HnRNP A1-transportin1 complexes must exist in the cytoplasm because A1 can not be imported into the nucleus without interacting with transportin1. The question we raised then, was whether A1-transportin1 complexes also exist in the nucleoplasm in living cells. To address this, we carried out immunoprecipitations from the nucleoplasm using 4B10 (anti-A1) and 4F4 (anti-C), and the presence of transportin1 in the immunoprecipitates was examined by Western blotting using D45. Under the conditions employed in this immunoprecipitation study, hnRNP complexes, consisting of >20 different hnRNP proteins on pre-mRNAs (Dreyfuss et al., 1993) can be isolated. As expected, transportin1 was in the 4B10 immunoprecipitate, demonstrating that transportin1 is still associated with A1 in the nucleoplasm after translocation through NPCs (Fig. (Fig.77 A). However, in the 4F4 immunoprecipitate, no transportin1 was detectable, although the immunoprecipitation of hnRNP complexes with 4F4 was efficient, as assessed by coimmunoprecipitation of A1. There are two possible explanations for this observation. First, there may be subsets of hnRNP complexes containing transportin1 that are immunoprecipitable with 4B10, but not with 4F4. Second, transportin1 may not be a component of hnRNP complexes in the nucleoplasm.
To determine which of these scenarios is more likely, similar immunoprecipitations were carried out from the nucleoplasm after treatment with RNase, which causes dissociation of all hnRNP complexes. As shown in Fig. Fig.77 B, transportin1 was still in the 4B10 immunoprecipitate, whereas hnRNP C1 protein was no longer detected by Western blotting (demonstrating the efficiency of the RNase digestion). We therefore conclude that transportin1 is not associated with hnRNP complexes, or that only very small amounts are present.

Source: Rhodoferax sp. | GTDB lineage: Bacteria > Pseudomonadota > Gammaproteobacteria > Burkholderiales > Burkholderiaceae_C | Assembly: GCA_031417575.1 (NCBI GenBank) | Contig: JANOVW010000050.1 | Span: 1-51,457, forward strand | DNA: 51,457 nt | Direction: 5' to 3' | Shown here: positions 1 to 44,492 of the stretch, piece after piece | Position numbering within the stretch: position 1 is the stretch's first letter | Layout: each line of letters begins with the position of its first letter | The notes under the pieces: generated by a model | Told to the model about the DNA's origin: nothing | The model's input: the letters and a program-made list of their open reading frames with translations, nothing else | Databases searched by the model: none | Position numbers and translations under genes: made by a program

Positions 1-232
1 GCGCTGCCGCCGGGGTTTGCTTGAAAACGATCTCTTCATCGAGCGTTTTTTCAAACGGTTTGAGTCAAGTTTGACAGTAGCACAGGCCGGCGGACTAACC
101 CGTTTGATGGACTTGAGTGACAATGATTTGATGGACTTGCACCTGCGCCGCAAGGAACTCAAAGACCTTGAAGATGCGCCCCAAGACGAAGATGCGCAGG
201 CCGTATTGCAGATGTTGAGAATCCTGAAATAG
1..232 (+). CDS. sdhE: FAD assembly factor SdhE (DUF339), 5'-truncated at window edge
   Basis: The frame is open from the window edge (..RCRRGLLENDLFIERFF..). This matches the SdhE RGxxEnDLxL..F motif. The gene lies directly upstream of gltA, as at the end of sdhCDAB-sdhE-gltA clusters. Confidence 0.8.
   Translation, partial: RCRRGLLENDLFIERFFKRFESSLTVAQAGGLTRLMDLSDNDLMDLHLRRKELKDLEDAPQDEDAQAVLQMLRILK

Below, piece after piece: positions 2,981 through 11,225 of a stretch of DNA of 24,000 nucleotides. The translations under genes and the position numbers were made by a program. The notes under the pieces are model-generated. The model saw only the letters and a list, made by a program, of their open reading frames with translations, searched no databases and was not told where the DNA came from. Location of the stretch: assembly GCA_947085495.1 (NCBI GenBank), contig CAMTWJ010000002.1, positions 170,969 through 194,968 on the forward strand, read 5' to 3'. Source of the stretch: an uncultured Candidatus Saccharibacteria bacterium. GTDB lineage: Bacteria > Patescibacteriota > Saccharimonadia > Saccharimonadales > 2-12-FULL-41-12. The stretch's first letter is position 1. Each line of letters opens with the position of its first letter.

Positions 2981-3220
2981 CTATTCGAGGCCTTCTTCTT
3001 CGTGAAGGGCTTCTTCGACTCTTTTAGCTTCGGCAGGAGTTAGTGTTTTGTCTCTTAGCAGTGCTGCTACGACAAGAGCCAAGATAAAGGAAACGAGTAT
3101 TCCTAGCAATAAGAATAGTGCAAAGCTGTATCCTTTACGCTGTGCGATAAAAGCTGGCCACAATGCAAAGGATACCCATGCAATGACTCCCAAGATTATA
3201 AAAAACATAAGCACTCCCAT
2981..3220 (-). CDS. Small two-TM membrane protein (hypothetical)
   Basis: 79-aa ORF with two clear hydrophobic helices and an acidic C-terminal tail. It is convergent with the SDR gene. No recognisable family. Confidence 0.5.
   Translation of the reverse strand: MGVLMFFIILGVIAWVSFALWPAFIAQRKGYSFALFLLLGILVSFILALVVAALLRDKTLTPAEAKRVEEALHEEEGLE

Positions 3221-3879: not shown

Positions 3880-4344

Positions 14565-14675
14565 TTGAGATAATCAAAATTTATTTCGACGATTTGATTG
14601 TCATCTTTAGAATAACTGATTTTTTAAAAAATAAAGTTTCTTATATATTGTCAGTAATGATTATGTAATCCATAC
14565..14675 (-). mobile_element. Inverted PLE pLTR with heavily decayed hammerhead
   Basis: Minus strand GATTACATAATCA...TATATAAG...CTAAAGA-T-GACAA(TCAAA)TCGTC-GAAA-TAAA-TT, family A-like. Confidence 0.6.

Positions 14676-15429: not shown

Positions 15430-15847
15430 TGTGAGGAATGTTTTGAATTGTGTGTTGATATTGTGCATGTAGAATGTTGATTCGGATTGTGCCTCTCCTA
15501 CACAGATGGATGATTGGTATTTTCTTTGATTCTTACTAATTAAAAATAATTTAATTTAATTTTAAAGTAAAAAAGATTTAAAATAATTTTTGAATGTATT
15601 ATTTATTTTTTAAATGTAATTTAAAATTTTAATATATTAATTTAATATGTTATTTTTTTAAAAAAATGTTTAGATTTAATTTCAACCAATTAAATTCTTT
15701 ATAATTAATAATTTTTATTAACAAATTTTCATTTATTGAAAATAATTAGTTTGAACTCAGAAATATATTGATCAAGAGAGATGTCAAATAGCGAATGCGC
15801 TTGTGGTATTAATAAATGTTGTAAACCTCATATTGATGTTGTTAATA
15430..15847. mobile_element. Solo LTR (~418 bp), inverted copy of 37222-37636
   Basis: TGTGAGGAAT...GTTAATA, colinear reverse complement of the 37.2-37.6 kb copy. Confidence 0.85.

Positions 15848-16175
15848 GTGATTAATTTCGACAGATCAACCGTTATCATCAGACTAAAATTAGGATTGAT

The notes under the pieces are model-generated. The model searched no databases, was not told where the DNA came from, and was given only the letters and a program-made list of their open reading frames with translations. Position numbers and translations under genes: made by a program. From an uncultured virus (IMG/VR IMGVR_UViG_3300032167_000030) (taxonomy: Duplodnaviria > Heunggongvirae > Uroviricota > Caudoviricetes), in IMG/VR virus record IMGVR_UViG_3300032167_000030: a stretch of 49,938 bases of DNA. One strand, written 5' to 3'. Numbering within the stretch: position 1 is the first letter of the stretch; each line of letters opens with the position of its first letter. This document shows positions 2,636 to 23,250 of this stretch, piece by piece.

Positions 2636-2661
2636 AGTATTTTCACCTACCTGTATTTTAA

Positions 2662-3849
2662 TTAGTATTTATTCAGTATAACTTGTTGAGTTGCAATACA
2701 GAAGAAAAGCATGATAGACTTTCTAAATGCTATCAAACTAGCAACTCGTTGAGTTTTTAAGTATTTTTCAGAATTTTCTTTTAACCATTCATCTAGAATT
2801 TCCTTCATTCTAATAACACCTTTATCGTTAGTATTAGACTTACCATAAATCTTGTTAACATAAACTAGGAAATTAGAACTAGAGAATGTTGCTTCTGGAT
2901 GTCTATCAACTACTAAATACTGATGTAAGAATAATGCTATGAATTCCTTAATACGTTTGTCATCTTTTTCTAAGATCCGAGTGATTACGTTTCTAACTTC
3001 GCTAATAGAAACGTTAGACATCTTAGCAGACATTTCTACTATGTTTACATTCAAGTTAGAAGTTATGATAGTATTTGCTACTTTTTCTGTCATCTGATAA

Several monoclonal anti-A1 antibodies have been produced in our lab (Piñol-Roma, S., and G. Dreyfuss, unpublished observations). Interestingly, when immunoprecipitations were carried out with a different anti-A1 antibody, 9H10, transportin1 was not detected in immunoprecipitates from either the cytoplasm or the nucleoplasm. However, in contrast, 4B10 coimmunoprecipitated transportin1 along with A1 from both compartments under the same conditions (Fig. (Fig.88 A). This difference may be due to the different epitopes recognized by 4B10 and 9H10, and we therefore performed epitope-mapping experiments. In the presence of the ionic detergent EmpigenBB, immunoprecipitations were carried out with 4B10 and 9H10 from rabbit reticulocyte lysate in which myc-tagged PK, myc-PK-M9, and myc full length A1 (Siomi and Dreyfuss, 1995; Michael et al., 1995b) were translated in the presence of [35S]methionine. The data shown in Fig. Fig.88 B clearly demonstrate that the epitope of 9H10 is located within the M9 region of A1, providing an explanation for the inability of 9H10 to immunoprecipitate A1 that is bound to transportin1. When immunoprecipitation of hnRNP complexes was carried out from HeLa nucleoplasm using 9H10, along with 4B10 and 4F4 for comparison, 9H10 did not immunoprecipitate hnRNP complexes (Fig. (Fig.88 C). We conclude that M9, the interaction domain of A1 with transportin1, is not accessible to transportin1 once A1 is assembled into hnRNP complexes.